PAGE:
chemical-free" - by transforming a bunch of scientific adjectives into pseudo-plural nouns. What, may I ask, is a single "hydrogenated?" Would you say "No Crafts" if your fridge were devoid of craft beer?
The 'organic' ingredients they've constructed the candy from include:
Milk chocolate (cane sugar, chocolate, cocoa butter, milk powder, organic blue agave inulin, skim milk, soy lecithin, vanilla extract), caramel (tapioca syrup, cane sugar, fructan (prebiotic fiber), organic palm kernel oil, whey, milk protein concentrate, organic cream, vanilla extract, salt, soy lecithin), peanuts, tapioca syrup, cane sugar, organic palm kernel oil, skim milk, peanut flour, salt, hydrolyzed milk protein, evaporated cane syrup, soy lecithinInulin? Fructan? New to me. Turns out both are fructose-based dietary fibers, which in this context replace some of the fats and sugars found in similar candy bars. However, these soluble fibers often aren't well-tolerated intestinally, similar to known gut troublemakers sorbitol, maltitol, or lactose. My current stomach ache indicates I might be susceptible; please think on my sacrifice when the Pulitzers go out next year...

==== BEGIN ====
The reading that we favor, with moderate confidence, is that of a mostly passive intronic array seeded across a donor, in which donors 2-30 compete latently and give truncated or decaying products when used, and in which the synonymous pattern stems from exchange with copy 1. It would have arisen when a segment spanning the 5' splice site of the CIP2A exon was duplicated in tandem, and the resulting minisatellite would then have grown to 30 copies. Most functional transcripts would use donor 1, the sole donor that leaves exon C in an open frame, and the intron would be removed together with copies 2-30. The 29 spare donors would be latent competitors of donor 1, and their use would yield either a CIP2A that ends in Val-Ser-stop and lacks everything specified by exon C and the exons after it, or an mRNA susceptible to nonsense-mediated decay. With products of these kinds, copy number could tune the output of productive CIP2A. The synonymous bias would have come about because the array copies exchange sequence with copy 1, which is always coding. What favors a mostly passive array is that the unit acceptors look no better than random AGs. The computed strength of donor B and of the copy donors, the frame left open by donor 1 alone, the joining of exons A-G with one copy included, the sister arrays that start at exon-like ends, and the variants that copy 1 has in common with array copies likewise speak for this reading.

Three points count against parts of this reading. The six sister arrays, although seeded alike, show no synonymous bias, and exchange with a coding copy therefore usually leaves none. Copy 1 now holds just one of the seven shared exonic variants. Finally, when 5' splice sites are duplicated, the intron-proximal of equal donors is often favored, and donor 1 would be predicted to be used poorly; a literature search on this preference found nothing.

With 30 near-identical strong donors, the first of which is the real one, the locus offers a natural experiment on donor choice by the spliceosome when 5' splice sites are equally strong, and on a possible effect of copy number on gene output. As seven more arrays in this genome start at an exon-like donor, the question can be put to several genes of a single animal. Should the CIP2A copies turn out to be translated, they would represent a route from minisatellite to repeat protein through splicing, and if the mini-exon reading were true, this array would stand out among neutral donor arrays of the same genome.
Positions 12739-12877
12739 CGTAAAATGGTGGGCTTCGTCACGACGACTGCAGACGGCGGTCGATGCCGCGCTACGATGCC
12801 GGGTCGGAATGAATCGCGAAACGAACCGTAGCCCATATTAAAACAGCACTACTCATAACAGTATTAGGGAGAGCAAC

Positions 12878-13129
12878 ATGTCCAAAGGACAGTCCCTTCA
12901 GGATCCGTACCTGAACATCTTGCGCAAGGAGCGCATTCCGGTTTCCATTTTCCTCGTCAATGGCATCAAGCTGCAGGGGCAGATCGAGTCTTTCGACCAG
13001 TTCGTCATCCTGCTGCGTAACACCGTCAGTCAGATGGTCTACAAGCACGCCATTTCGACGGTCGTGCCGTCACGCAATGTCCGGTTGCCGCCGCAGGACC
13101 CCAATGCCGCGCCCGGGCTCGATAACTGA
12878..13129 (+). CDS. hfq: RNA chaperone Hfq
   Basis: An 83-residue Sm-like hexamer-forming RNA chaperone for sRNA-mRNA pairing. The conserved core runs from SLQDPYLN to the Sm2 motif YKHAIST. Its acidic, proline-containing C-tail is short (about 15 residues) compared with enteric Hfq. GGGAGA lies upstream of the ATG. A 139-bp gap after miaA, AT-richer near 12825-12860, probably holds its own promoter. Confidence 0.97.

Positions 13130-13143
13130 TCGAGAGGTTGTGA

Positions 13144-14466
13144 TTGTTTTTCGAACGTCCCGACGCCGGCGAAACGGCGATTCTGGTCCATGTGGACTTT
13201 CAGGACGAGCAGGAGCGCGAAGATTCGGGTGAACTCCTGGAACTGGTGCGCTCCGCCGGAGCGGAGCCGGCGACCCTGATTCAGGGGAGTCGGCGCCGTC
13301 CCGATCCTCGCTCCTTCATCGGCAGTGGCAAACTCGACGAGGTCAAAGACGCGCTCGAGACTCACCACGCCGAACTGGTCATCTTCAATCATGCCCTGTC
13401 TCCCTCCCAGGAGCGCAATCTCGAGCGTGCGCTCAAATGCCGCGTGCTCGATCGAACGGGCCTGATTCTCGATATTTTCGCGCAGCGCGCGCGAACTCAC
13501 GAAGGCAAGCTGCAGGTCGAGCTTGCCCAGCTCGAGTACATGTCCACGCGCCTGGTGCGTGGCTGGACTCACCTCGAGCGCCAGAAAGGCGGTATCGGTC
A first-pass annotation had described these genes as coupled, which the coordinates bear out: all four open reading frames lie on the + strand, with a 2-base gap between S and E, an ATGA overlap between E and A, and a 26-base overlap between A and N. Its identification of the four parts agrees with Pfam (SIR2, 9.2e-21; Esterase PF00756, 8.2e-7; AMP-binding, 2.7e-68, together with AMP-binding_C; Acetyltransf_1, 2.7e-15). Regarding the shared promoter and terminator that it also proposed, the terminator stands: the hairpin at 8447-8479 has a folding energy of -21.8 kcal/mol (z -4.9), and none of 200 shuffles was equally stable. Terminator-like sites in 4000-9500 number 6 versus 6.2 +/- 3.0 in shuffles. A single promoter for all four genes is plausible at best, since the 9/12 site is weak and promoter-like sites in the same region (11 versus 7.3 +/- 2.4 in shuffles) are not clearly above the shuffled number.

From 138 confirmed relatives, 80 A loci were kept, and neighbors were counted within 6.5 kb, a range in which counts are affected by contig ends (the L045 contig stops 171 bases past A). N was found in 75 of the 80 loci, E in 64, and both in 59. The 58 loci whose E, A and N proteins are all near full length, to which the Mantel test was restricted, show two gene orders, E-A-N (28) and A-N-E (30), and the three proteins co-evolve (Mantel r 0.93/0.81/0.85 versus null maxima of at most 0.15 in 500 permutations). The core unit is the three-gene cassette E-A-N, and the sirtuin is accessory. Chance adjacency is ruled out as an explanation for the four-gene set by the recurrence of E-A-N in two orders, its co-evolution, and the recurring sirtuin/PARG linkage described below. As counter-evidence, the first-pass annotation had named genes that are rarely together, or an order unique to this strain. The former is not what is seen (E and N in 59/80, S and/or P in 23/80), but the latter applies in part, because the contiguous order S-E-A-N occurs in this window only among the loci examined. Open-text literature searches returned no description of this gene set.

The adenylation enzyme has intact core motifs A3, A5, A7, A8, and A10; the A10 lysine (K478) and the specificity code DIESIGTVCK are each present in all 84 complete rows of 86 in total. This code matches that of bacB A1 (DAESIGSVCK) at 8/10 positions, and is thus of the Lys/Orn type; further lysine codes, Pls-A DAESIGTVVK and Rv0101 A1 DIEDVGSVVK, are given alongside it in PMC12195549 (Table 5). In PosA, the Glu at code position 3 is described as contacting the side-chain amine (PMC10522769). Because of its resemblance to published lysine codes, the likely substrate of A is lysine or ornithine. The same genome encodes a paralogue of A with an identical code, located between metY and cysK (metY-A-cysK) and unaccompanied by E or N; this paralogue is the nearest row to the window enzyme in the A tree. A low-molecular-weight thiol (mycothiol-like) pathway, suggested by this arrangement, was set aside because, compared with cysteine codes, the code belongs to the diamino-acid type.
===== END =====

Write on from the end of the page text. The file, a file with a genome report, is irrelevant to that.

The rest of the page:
P.S. I'm no marketing whiz, but "Unreal?" If unable = not able, and unclear = not clear, doesn't 'unreal' = not real? For a candy bar made without "artificial" ingredients? I think the intended sarcasm might be lost on the way to the checkout.